Naksha is a literary genre in Bengali literature. It comes from the Persian word 'Naqshah' meaning map, drawing, sketch or model. In literature, it is usually rendered as a satirical sketch. However, it must be remembered that though Nakshas are often satirical and comical, it is not necessarily so. Often, the Naksha is held to be an empirical category of Bengali prose with a tradition complementary to that of the novel. The Naksha was first used in this meaning in 1862 in Kaliprasanna Sinha's Hutom Pyachar Naksha, Naksha of the Owl.
Some writers are of the view that there are certain features of Naksha which are briefly as follows. Nakshas give a general description of social circumstances and do not focus on specific events; scenic descriptions are dominant; a general perspective on social issues is developed; and characters/protagonists merely help to bring out the above-mentioned features; they function as symbols of their class, not as singular personalities. However, though these features are more or less applicable to Nakshas, merely viewing the Nakshas as possessing these features would delimit the genre to quite an extent. Some of the earliest Nakshas, like Bhabanicharan Bandyopadhyay's Nabababubilas, The Merriment of the New Babu, and Nababibibilas, The Merriment of the New Bibi, are not pure specimens of the genre since they show aspects of Kahini, narration, as well. Also, fictionality is an important aspect of the Naksha, which has not been covered by the above mentioned features. A better understanding of Naksha comes from the content of those pieces. They consist of a limited range of topics from mostly urban social life, and its 'mirroring', corrective function within society. Here again, not all texts on Naksha fall under this category. The Nakshas were written in a period without stable norms for prose writing.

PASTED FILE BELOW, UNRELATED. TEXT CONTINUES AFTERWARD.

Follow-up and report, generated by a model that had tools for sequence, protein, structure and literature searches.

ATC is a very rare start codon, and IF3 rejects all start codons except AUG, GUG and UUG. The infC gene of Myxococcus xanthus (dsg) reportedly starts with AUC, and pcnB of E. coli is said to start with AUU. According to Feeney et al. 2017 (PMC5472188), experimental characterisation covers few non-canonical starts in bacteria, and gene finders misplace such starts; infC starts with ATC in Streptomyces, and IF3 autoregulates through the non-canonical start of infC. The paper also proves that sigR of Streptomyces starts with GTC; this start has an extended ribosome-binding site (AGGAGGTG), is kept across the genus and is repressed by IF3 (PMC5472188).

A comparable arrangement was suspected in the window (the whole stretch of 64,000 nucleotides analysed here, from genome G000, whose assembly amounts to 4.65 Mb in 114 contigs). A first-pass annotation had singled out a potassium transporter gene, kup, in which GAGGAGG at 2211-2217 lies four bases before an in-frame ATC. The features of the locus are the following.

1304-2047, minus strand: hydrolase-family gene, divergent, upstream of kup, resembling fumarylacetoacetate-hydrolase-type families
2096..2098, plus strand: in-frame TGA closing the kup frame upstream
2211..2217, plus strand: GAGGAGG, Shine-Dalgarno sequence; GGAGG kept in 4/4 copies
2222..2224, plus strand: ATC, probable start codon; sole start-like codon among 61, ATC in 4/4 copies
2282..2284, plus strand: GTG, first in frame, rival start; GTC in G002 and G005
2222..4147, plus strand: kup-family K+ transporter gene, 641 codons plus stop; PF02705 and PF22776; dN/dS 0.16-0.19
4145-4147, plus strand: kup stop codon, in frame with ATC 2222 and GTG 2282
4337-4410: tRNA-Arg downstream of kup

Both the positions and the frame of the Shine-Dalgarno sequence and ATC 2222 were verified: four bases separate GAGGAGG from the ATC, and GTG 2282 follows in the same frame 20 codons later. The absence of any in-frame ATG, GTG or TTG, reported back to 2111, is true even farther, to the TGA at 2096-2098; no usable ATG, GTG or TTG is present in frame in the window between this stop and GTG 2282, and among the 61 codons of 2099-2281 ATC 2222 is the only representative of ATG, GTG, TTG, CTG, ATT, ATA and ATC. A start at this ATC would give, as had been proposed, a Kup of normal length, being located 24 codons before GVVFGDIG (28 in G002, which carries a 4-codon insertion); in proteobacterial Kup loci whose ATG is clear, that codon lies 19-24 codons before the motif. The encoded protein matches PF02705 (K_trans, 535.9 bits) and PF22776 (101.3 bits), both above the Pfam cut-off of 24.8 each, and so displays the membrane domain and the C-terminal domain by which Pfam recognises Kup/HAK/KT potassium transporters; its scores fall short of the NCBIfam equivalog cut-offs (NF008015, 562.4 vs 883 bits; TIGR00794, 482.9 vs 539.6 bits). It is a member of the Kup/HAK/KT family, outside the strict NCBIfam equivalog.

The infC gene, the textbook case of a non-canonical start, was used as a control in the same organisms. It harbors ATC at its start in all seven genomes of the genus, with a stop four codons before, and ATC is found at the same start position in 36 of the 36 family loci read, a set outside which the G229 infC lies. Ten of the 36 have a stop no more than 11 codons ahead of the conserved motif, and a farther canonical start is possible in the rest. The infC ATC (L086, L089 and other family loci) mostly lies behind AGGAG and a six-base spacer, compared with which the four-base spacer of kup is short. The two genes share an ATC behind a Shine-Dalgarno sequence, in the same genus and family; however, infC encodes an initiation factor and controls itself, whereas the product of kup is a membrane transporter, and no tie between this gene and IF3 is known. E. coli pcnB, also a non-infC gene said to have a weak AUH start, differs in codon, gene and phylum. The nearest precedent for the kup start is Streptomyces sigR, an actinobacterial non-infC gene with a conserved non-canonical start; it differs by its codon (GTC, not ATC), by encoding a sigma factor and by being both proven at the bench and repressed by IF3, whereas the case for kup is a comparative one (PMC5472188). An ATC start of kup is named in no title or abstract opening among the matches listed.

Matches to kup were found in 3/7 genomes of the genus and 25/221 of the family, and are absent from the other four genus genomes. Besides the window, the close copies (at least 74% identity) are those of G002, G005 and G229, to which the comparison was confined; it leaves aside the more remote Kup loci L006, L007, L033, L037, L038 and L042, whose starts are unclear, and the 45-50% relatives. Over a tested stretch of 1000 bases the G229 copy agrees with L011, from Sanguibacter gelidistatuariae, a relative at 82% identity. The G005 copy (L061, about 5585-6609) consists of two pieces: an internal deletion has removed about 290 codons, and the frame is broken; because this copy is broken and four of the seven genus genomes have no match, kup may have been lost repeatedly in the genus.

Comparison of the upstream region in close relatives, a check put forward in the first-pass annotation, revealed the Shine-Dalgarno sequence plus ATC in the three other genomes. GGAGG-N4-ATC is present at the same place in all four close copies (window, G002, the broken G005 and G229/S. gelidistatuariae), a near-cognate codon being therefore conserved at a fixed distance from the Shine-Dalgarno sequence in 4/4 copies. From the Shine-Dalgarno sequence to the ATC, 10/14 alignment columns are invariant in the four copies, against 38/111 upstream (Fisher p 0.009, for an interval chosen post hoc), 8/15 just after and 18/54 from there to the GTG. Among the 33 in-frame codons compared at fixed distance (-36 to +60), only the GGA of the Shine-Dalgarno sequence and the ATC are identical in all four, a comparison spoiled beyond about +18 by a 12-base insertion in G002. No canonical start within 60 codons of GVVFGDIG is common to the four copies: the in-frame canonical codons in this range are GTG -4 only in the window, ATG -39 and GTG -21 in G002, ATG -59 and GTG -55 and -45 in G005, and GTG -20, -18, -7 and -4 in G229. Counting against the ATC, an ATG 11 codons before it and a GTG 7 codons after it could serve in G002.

What primarily sets the Nakshas apart from earlier literary production of Bengal is the way they address the social context. These new narrations mark a drastic change in the communicative directives of Bengali literature. Their subject matter is derived directly from a new sort of awareness of contemporary society, and they communicate the perceptions of that society back onto it. The cultural identity of educated Bengalis was from the start one of the chief issues under discussion. For the first time, literate Bengali Bhadralok or gentle society can be seen speaking about itself. There was no 'speaking about oneself in pre-modern Bengali literature. The standard protagonist of Nakshas in nineteenth-century Bengal is the Babu, (together with the Bibi, his female counterpart) and his appearance, lifestyle, activities, social circumstances etc. And the standard residence of Babus, Bibis and everything new, noteworthy and strange is the growing metropolis of Kolkata.